Baroness Beeban Kidron continues to embrace the documentary format on which she cut her filmmaking teeth – as well you might if your last fiction feature had been ‘Bridget Jones: The Edge of Reason’. That film’s subtitle, in fact, might have fit comfortably on this absorbing, well-meaning essay on the perils of teenage internet use, which alternates between chastening insight and naff hand-wringing.
Kidron’s evidently an adroit interviewer: she coaxes surprisingly candid testimonies from a range of lucid kids about their plainly unhealthy online habits, though she intercuts them with an excess of educated tutting from beardy therapist types many decades their senior. Not helping the film’s cred rating are its interesting if questionably relevant digressions into the technical specifics of data storage, which amount to a lot of gawping at the internet’s sheer size.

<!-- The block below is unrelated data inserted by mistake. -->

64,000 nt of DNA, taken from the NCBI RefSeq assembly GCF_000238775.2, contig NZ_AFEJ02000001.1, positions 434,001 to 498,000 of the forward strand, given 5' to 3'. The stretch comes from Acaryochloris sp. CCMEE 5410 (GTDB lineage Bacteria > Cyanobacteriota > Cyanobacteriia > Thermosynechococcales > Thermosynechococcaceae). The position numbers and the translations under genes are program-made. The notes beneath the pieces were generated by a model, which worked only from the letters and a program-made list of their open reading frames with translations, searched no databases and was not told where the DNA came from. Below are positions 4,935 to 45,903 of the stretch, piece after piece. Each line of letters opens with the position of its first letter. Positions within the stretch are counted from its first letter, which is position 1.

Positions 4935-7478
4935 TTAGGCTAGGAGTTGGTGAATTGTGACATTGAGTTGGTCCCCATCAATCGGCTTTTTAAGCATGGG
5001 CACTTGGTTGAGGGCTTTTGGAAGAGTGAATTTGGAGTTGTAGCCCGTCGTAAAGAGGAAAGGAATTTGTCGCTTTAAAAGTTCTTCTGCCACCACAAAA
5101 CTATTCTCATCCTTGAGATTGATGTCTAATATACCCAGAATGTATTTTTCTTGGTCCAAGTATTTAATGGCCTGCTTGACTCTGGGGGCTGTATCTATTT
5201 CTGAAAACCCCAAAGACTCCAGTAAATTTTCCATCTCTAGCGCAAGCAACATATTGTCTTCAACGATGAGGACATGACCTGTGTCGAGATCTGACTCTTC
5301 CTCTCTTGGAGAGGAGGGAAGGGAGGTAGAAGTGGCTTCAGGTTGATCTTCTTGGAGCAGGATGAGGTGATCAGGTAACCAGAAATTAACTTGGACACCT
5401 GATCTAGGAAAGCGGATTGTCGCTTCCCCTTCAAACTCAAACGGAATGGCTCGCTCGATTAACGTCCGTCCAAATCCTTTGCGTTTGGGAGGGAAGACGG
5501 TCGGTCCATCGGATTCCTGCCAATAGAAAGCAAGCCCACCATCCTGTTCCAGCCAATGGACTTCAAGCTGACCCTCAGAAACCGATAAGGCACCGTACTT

Still, when Kidron strikes a raw nerve, she’s sensible enough not to fiddle. A 15-year-old girl’s lengthy account of the sexual abuse she endured to retrieve a beloved smartphone stolen by school bullies is shattering in its matter-of-fact delivery, justifying any amount of mumsy concern behind the camera.